In late July of 2023, the North American Electric Reliability Corp (NERC) warned the House Committee on Energy and Commerce that China’s threat to the nation’s grid is growing, saying “Chinese activities are alarming,” particularly their ability to access OT networks. The New York Times claims China has some ability to interfere with the operation of electric grids and pipelines serving U.S. military bases. The director of National Intelligence has said China is likely capable of launching disruptive cyberattacks on U.S. critical infrastructure, including pipelines and rail systems.

So, Why Has Less Attention Been Given to OT Attacks vs. IT Attacks?

It is rare to read reports of OT networks being breached, in part due to different operational dynamics between OT and IT networks. While encouraging, OT attacks have far more destructive potential, so OT risk is getting broader attention from governments and industry. OT previously has consisted of single systems, “air-gapped” from the internet. But with advances in network technologies and improvements to integrated systems that connect to shared IT systems, OT is exposed to more risks.

For instance, OT has become easier for underfunded, low-skilled hackers to identify the locations of wireless networks and begin analyzing their prey. Reconnaissance is the first step of a proficient criminal hacker, and wireless mapping websites make it easier to identify a potential target’s location, scan for possible weaknesses, and exploit them.

According to CISA, the nation’s cybersecurity mentor and watchdog, security awareness and effective policies have left OT lagging behind IT, particularly in internal monitoring and sensing. Nevertheless, as CISA has pointed out, quick responses to cybersecurity incidents are likely greater in OT environments than IT business settings. 

What New Regulatory Enforcement Requirements Impacting OT are Imminent?

These and other technological developments, combined with the demonstrated capabilities of adversary nations and criminal syndicates to undermine OT networks, have led to increasing concern that the U.S.’s critical infrastructure is vulnerable. Congress thus passed the Cyber Incident Reporting and Critical Infrastructure Act of 2022 (CIRCIA), and the Biden administration issued Executive Order 14028, compelling the federal government to digitally secure itself and assist the public in doing so. Several agencies of the federal government are also issuing new or updated regulations.

CIRCIA – CISA was tasked with developing and implementing regulations requiring particular components of U.S. critical infrastructure known as “covered entities” to report “cyber incidents” and ransomware payments to CISA. CISA will use this new reporting to deploy resources and assistance to ransomware victims while using the aggregated data to spot trendlines and share analysis with network defenders. OT networks are not specifically mentioned, but OT network breaches will likely be involved in the regulations.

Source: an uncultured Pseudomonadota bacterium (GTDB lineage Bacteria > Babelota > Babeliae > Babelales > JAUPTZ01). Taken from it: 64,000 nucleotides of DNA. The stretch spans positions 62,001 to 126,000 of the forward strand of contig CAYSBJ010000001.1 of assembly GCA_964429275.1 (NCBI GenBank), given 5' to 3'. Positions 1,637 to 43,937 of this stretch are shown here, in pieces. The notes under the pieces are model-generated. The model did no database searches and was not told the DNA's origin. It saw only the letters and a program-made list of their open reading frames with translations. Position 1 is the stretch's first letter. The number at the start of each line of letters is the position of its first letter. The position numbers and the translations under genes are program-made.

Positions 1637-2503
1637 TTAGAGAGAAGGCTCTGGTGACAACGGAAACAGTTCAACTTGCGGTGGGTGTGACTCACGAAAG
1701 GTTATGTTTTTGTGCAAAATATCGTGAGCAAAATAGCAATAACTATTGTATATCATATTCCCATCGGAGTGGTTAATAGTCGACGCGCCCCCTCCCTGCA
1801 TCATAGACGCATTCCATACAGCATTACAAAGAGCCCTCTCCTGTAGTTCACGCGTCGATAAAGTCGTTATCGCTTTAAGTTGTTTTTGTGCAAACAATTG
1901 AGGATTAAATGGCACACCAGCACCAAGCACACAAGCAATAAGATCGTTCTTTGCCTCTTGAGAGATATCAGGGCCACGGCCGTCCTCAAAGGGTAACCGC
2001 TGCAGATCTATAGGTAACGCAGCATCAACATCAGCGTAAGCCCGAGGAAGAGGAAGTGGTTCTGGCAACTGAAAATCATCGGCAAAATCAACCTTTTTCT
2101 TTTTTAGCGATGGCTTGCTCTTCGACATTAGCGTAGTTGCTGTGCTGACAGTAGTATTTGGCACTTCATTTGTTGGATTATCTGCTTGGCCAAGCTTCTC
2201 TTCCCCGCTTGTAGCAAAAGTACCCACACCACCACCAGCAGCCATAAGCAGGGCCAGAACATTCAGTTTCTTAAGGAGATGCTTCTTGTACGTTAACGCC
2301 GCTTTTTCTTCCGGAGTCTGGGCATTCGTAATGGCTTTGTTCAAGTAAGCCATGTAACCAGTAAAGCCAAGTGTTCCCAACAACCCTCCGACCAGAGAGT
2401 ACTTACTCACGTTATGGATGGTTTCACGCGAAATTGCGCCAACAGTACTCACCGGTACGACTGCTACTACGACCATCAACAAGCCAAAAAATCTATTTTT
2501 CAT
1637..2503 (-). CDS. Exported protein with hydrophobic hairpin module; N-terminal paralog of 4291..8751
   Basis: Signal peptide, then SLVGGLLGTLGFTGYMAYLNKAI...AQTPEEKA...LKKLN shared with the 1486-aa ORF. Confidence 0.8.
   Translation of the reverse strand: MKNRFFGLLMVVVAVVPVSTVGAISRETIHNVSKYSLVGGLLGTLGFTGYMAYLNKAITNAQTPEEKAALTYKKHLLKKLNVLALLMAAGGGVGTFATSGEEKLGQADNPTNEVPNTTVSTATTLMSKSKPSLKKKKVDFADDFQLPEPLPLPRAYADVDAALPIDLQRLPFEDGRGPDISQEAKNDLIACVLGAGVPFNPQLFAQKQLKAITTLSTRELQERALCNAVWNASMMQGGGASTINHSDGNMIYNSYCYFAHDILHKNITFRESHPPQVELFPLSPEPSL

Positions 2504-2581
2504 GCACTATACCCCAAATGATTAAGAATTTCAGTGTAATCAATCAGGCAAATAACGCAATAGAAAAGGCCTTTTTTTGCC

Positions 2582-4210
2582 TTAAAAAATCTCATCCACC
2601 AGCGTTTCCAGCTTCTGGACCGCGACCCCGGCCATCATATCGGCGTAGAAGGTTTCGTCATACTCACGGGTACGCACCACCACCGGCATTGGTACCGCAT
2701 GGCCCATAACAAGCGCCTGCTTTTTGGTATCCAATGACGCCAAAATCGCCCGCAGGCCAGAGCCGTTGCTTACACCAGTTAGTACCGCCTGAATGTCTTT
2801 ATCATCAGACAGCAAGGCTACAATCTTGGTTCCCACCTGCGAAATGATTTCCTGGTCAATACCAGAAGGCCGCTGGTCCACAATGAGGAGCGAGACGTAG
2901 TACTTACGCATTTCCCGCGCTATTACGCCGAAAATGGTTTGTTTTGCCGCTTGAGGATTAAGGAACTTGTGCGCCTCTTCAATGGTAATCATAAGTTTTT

What constitutes “critical infrastructure” has not been determined but is described by CISA as representing 16 different industrial sectors whose assets, systems, and networks are considered so vital that their incapacitation would have a debilitating effect on the nation. CIRCIA’s reporting requirements are subject to federal rulemaking processes and have not been announced.

Nonetheless, we know from the statute that a “covered entity” victimized by a cyberattack must report that attack to CISA within 72 hours after the victim “reasonably believes” a “covered cyber incident has occurred.” It also requires victims to report descriptions of cyber incidents, vulnerabilities exploited, victim’s security defenses, and categories of information accessed by the attacker. Finally, the entity must “preserve data relevant to the covered cyber incident or ransom payment.”

Regardless of the companies or organizations subject to these requirements, compliance will be difficult for some. Understanding when you’ve been hacked can be difficult to determine, and knowing which data was accessed can be almost impossible if files are encrypted or the company lacks the resources to log network activities. Fortunately, Congress included protections, like making reports non-public (with limitations), guards for trade secrets, preservation of privileges, and others.